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The Virginia native and reigning ACC player of the year is back with the Tigers for one more shot at winning it all.
Clemson quarterback Tajh Boyd, the reigning ACC player of the year, had plenty to say at the conference media day in Greensboro, N.C.
Associated Press | File 2012
Clemson quarterback Tajh Boyd works before the first half of the Chick-fil-A Bowl.
Wednesday, July 24, 2013
GREENSBORO, N.C. — He started by singing some country music lyrics, downplayed trash talk from South Carolina’s Jadeveon Clowney, spoke of what a mentor Michael Vick has been and heralded the hurry-up offense as something that has no reason not to work in the NFL.
It’s safe to say Clemson quarterback Tajh Boyd felt comfortable at the ACC Kickoff at the Grandover Resort over the weekend as media members listened with rapt attention.
Not often does the ACC’s reigning player of the year — and the 2013 preseason player of the year — return for another season of college football. Since 1980, only Florida State’s Charlie Ward has pulled off the back-to-back, in 1992 and ’93.
But Boyd, who grew up in the Tidewater region of Virginia, didn’t come back for more individual hardware or even to improve his video game-like numbers.
He wants to win. And he wants to win something significant.
“When I decided to come to Clemson from the get-go, I said I wanted to win championships,” said Boyd, who so far has a 2011 ACC title to his credit. “We’ve been able to do a little bit so far since I’ve been here, and I’m excited to have one last shot at it.”
Statistically, Boyd doesn’t have much more to accomplish. A two-time first-team All-ACC quarterback, he’s thrived in up-tempo guru Chad Morris’ offense, somehow besting his 2011 totals in one fewer game in 2012 by throwing for 3,896 yards and 36 touchdowns and adding 514 yards and 10 more scores on the ground.
There was a time when such numbers would be chalked up to the system. Clemson runs more plays than most teams in the country, so naturally Boyd’s numbers should be eye-popping. NFL teams burned by Steve Spurrier’s pass-happy quarterbacks or run ‘n’ shoot busts were hesitant to take those stats at face value.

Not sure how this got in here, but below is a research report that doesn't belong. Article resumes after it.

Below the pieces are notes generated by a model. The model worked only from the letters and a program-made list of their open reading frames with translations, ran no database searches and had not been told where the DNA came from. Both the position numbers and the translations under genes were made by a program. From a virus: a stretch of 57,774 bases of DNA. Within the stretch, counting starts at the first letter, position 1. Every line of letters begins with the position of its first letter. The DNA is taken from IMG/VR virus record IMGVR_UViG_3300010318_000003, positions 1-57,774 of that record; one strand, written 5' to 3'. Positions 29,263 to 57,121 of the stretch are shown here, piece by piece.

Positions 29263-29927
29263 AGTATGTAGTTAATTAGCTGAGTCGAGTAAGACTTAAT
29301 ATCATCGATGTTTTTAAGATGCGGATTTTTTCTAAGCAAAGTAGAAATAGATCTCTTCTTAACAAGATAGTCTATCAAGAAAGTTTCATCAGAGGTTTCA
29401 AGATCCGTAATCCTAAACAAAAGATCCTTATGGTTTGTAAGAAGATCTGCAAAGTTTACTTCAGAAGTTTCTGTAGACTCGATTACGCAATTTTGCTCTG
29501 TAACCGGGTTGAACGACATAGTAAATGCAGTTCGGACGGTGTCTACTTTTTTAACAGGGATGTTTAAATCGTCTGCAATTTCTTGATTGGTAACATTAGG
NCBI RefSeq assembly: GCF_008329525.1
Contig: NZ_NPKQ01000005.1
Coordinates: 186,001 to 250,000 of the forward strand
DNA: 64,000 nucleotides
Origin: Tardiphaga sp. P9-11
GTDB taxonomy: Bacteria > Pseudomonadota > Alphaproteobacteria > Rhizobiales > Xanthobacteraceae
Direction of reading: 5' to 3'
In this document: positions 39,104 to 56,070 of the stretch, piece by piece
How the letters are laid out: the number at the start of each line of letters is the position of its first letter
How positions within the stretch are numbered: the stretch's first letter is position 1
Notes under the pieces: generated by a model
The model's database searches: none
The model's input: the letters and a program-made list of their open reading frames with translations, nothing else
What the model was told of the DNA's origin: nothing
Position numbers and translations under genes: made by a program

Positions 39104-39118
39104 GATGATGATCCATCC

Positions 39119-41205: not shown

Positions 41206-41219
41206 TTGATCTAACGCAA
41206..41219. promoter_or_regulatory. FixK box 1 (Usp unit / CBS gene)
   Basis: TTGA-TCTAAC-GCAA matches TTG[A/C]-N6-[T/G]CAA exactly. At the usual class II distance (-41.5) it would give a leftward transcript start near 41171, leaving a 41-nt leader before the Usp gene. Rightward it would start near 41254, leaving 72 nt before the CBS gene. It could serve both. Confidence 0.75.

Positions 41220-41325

But that conventional wisdom is starting to change. College football’s wide-open offenses are creeping into the NFL.
Recent successes like Cam Newton, Robert Griffin III and Colin Kaepernick have removed a stigma around dual-threat quarterbacks and those who run a hurry-up offense. The Philadelphia Eagles went as far as to hire a college coach in Chip Kelly who is on the cutting edge of that up-tempo trend.
Boyd, who might not have been ranked as highly in past years, is No. 2 on ESPN draft guru Mel Kiper Jr.’s list of top quarterback prospects for the 2014 draft, behind another dual threat, Louisville’s Teddy Bridgewater.
“It’s the nature of the game, man,” Boyd said. “I think that the game is evolving. We’re not in leather helmets.”
Boyd probably had an NFL-ready game last year, his stock soaring after he threw for 346 yards and accounted for three touchdowns in Clemson’s 25-24 come-from-behind win against LSU in the Chick-fil-A Bowl.
Despite a weak quarterback draft class, he stayed, getting some advice from Vick, a fellow Hampton Roads product and current Philadelphia Eagles quarterback.
“He asked me: ‘Do you want to be the best?’” Boyd said. “He was like, ‘If you want to be the best, go back to school and do everything to make sure you do that.’
“I didn’t want to make that step and regret not coming back. I think that I’m excited and know that this is the right move for me.”
Boyd doesn’t care about racking up more stats. Another 3,500-yard season won’t enhance his college legacy. But guiding Clemson, the overwhelming pick of the media to win another league title — and possibly something larger — is at the top of his list of goals.
He’ll have ample opportunities. Georgia, a likely top-five team, awaits the Tigers in the season opener. They play Florida State at home, where they’ve been largely successful against the Seminoles recently.
Then there’s the regular-season finale against South Carolina, a team Clemson hasn’t beaten under Boyd, losing four straight. Clowney, the Gamecocks’ all-everything defensive end, made waves at last week’s SEC media days by saying Boyd was “scared” whenever he played South Carolina.
Naturally, Boyd refuted Clowney’s claim but didn’t engage in any raising of the stakes.
“That’s not on my radar right now,” Boyd said. “I’m not afraid of anybody. Never been in my nature. Never been in my character. I’m a competitive guy and I’ll compete against whoever wants to compete. …
“That’ll all take care of itself down the road.”
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